Ingrid Andress FAULT Magazine Covershoot and Interview

Ingrid Andress covershoot for fault magazine

Photography – Acacia Evans 
Styling – Stephanie Collinge
Hair – Carly Bethel
Makeup – Lorrie Turk

Ingrid Andress’ brand new album ‘Good Person’ has only released today and already fans and new listeners are falling further in love with the record. The three time Grammy nominated artist has already proven her expert ability to convey emotion through song, and this album is certainly no different. 

We caught up with Ingrid to discuss the record, her process and of course, her FAULTs. 

What would you say was the biggest difference between Good Person and your debut?

Ingrid Andress: Oh man, so much! There was a lot of life that happened during the years after my debut album got released, mostly in my personal life. I feel like Good Person goes a lot deeper lyrically than I did in the first album, and I think I explored a lot more territory sonically with the production on this one. The goal is to always learn and grow, and I feel like this album showcases how much I’ve grown as a writer, producer, and human being. And there are happy songs on this album! So that’s new for me!

With all the success of ‘Lady Like’, did you feel added pressure to match and surpass that album with this new release?

Ingrid Andress: Not at all. I know a lot of artists look at albums as challenges to outdo themselves, but I view them more as chapters of my life. Each album represents where I’m at in my life at that moment, so I don’t view something as “better” or not, it just “is.” I enjoy having creative freedom, and I think putting that kind of pressure on yourself is a disservice to you and your art. You just gotta write about what’s speaking to you and if people like it, great. If they hate it, great. It’s exactly the project you wanted to make either way.

What would you say is the message you want to communicate with this album?

Ingrid Andress: The overall theme of this album is dark vs light. You really can’t have one without the other, and that’s just the way life is. But going through dark times makes the light times even lighter, and you learn to start embracing the ups and downs as a part of life’s journey instead of dreading them. Sometimes it’s healthy to sit in discomfort so it can propel you into a better direction. We all obviously went through a dark two years, and I’m hoping this album shows that there is always light at the end of the tunnel.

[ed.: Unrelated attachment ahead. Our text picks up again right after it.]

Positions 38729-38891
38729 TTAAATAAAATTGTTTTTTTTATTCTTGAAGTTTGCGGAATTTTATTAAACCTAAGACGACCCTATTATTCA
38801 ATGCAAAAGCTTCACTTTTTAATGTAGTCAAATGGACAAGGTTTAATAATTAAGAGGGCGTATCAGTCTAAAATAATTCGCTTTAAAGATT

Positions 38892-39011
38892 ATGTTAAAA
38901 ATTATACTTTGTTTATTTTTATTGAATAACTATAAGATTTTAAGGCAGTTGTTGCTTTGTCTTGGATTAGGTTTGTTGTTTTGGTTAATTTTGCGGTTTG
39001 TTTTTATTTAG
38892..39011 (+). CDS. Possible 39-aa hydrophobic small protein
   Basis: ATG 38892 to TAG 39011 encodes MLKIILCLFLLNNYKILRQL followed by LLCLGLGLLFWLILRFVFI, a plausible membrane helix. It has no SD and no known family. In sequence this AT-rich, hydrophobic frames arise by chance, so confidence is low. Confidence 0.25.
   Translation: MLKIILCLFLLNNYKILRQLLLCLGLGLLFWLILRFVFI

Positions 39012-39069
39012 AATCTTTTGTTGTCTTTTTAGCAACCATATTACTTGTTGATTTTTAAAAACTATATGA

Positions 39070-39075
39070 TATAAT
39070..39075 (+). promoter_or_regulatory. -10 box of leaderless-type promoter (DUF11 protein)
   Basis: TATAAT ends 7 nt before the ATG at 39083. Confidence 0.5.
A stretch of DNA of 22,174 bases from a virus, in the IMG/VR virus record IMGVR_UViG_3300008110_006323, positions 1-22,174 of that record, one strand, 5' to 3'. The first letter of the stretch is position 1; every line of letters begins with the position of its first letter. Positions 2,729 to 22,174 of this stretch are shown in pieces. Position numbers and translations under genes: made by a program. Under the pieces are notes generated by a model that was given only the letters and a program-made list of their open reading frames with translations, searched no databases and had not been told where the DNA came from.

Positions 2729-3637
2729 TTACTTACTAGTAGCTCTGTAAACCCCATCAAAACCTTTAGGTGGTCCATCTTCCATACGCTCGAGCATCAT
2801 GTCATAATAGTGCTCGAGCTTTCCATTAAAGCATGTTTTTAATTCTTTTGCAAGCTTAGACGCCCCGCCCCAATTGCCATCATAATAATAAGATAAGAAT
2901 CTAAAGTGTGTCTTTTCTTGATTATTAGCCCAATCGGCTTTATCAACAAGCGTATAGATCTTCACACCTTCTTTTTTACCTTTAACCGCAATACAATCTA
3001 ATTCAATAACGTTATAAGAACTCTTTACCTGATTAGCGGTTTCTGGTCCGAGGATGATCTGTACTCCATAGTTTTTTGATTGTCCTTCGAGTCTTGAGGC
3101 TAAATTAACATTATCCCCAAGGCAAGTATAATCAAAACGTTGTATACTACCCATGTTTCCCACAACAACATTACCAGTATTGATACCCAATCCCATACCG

You co-produced and co-wrote all 12 tracks on the album, do you find that continuously drawing from your own experiences has helped you navigate those experiences?

Ingrid Andress: Yes, very much so. Writing is my way of processing my emotions, and sometimes I don’t even know I’m feeling a certain way until I write about it. For example, I wrote “Seeing Someone Else,” without really thinking it was about me and my relationship, and then I listened to it a few days later and was like “Wait. I do actually feel this way. Uh oh.” The subconscious has a way of peaking it’s head through while you’re in a creative headspace.

Ingrid Andress covershoot

Does this release feel like the closing of the chapter on that part of your life, or do you feel there’s still more you want to express through song?

Ingrid Andress: As of now, it does feel like the end of that chapter of my life. After I wrote “Pain,” I felt a sense of closure that I hadn’t felt in a long time, so ever since then I haven’t felt the need to write anymore about that era of my life. Which is very relieving honestly. Now that I feel closure, I have more space in my brain to think about other concepts or things that I want to write about that are more current.

People often describe your voice as hypnotic, do you get the same feeling when you listen to your own music or are you too hyper aware of your own voice to drift off with the music?

Ingrid Andress: Hmm, that’s an interesting question. Normally when I’m listening to my music, it’s because I’m vocal producing myself or figuring out ways to make the track sound better. But after I first write a song and listen to it a couple days later, I can sometimes drift away in it since I’m not producing it at that moment and because it’s new. But most of the time I’m just focusing on the technicality of it all.

Emotionally, what was the hardest song for you to write on this album?

Ingrid Andress: “No Choice” was probably the most emotionally draining day of this entire album. I was very raw and you can hear it in my voice in several moments of the song. My instinct was to not include it on the album because it’s so personal, but I’m at a point in my life now where I think being vulnerable shows more strength than it does weakness. If you have the guts to be real with people, that is something everyone respects and can ultimately relate to more because it’s true.

When you look back on your musical journey, what’s been the best advice you have ever received?

Ingrid Andress: Best advice I received and learned first hand is that you’re going to get a lot of “no’s” in the beginning, but it only takes one “yes” to get everything started. It’s easy to get discouraged by constant rejection, but the only person who has to like what you’re doing is you. If you believe in it, there is someone else out there who does too. You just gotta find them.

What is your FAULT?

Ingrid Andress: Ah, where to begin…just kidding. Sort of. My FAULT would be how stubborn I am. It’s helpful in some cases, but most of the time it just makes you look like an asshole. So I’m working on that.